The spirit of the Lord God is upon me, because the Lord has anointed me; he has sent me to bring good news to the oppressed, to bind up the brokenhearted, to proclaim liberty to the captives, and release to the prisoners; to proclaim the year of the Lord’s favour, and the day of vengeance of our God; to comfort all who mourn; to provide for those who mourn in Zion— to give them a garland instead of ashes, the oil of gladness instead of mourning, the mantle of praise instead of a faint spirit. They will be called oaks of righteousness, the planting of the Lord, to display his glory.

It is that same Spirit that I will be praying anoints you as you start out publicly in ministry too as a priest or a deacon – and if that doesn’t make the hairs on your neck stand on end then nothing will. It is that Spirit that without which everything is mere show and dross, from which Good Lord deliver us. For in Eliot’s words again

You are not here to verify,
Instruct yourself, or inform curiosity
Or carry report. You are here to kneel
Where prayer has been valid. And prayer is more
Than an order of words, the conscious occupation
Of the praying mind, or the sound of the voice praying.
And what the dead had no speech for, when living,
They can tell you, being dead: the communication
Of the dead is tongued with fire beyond the language of the living.
Here, the intersection of the timeless moment
Is England and nowhere. Never and always

And all shall be well and
All manner of thing shall be well
By the purification of the motive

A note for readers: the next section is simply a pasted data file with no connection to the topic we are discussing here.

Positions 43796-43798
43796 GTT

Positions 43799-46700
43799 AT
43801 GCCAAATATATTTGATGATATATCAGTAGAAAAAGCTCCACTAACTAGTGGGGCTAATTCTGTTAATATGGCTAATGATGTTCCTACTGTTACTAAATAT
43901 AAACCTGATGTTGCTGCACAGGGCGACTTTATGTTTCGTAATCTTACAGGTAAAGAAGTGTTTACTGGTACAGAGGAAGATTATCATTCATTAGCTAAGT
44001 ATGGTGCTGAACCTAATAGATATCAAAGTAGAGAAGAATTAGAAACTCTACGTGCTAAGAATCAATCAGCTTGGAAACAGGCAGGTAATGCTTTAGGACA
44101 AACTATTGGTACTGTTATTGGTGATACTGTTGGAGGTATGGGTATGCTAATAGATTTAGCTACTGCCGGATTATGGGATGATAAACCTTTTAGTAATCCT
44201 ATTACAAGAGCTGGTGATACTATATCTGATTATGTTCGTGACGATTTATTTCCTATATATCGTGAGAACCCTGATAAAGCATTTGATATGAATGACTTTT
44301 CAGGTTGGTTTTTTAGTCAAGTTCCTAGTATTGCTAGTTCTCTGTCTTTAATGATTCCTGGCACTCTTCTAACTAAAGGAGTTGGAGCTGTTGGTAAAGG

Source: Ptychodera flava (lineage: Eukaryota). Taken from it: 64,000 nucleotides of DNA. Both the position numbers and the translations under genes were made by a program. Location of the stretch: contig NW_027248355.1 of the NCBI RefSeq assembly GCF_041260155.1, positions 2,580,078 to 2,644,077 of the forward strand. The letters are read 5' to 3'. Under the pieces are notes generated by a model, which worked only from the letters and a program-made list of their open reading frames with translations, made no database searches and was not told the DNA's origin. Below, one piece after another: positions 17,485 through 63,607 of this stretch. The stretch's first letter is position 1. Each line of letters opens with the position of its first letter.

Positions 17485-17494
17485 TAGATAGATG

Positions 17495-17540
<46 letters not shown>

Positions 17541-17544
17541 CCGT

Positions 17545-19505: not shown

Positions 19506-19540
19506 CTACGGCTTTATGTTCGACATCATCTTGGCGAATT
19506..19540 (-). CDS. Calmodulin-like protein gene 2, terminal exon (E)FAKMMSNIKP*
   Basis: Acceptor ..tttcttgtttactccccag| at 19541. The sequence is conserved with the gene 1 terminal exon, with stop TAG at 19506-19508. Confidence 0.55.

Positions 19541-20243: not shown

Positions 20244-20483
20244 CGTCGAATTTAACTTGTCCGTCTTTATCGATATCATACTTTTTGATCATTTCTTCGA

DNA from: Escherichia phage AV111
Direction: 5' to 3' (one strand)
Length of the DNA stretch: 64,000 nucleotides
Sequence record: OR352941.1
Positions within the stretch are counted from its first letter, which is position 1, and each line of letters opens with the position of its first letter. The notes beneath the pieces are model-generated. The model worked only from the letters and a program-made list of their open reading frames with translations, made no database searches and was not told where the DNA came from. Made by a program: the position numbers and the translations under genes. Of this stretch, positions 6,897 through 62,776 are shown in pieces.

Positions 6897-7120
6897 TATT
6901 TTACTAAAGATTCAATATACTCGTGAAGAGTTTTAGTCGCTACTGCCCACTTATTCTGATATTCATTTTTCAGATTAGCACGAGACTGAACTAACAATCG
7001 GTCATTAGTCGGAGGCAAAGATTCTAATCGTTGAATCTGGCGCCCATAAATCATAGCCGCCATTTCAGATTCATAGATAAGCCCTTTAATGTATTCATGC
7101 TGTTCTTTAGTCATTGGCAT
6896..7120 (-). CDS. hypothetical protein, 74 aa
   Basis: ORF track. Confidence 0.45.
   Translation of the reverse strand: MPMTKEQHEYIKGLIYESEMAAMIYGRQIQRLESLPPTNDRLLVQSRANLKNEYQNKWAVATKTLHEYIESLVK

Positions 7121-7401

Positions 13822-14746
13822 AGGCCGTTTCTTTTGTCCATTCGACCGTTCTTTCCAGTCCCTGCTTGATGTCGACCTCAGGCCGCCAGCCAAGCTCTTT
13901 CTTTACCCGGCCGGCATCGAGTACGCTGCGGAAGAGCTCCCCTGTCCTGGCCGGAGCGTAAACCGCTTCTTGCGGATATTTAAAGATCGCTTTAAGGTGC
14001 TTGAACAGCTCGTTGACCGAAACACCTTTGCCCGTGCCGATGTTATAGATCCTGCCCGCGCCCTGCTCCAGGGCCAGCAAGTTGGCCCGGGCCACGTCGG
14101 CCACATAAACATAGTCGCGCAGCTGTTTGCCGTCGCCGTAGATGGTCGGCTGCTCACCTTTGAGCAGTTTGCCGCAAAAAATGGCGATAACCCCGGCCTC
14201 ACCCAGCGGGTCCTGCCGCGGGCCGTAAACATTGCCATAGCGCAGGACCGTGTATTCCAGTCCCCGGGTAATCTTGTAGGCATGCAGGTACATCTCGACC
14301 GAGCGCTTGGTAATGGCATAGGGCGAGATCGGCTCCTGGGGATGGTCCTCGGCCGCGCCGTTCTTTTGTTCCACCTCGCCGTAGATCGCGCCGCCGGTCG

In the ground of our beseeching.

The tongues of Pentecostal fire are not to for us to analyse out; they are there to purify. Fundamentally to redeem us from both the untamed, unredeemed passion whose path so easily leads to a different sort of fire, and also from the lukewarmness of indifference which offers no resistance to that destruction.

The dove descending breaks the air
With flame of incandescent terror
Of which the tongues declare
The one discharge from sin and error.
The only hope, or else despair
Lies in the choice of pyre or pyre –
To be redeemed from fire by fire.

Isaiah goes through the fire to reach the fire, and we see three stages in that transformation, as three elements of his desire have to be purified: his love of God, his love of himself, and his love of others. I will stay with the word desire though, because love is too mild a word to bear the weight of the passion involved.

First, comes the purification of our love, our desire for God. You’ve done a lot of learning, and sometimes it can douse that desire. But actually and of course it is meant to feed the flames. When Dom Jean Leclerq wrote about the Benedictines in the Middle Ages he entitled his book, “The Love of Learning and the Desire for God.” It’s been something of a motto for me, and it makes it absolutely clear that this is a both-and not an either-or. But now must be the time to fan again the flames of desire, to look back again to our first love of God, to the iconic moments of his felt presence in our lives, and pray them into our present.

It’s what I would want for every Christian, but for those of us called to stand before God with his people on our heart and before God’s people with him in our heart, it is essential. “The Church is the Body of Christ, the people of God and the dwelling-place of the Holy Spirit.” “Come, Holy Ghost, our souls inspire, and lighten with celestial fire; thou the anointing Spirit art, who dost thy sevenfold gifts impart.”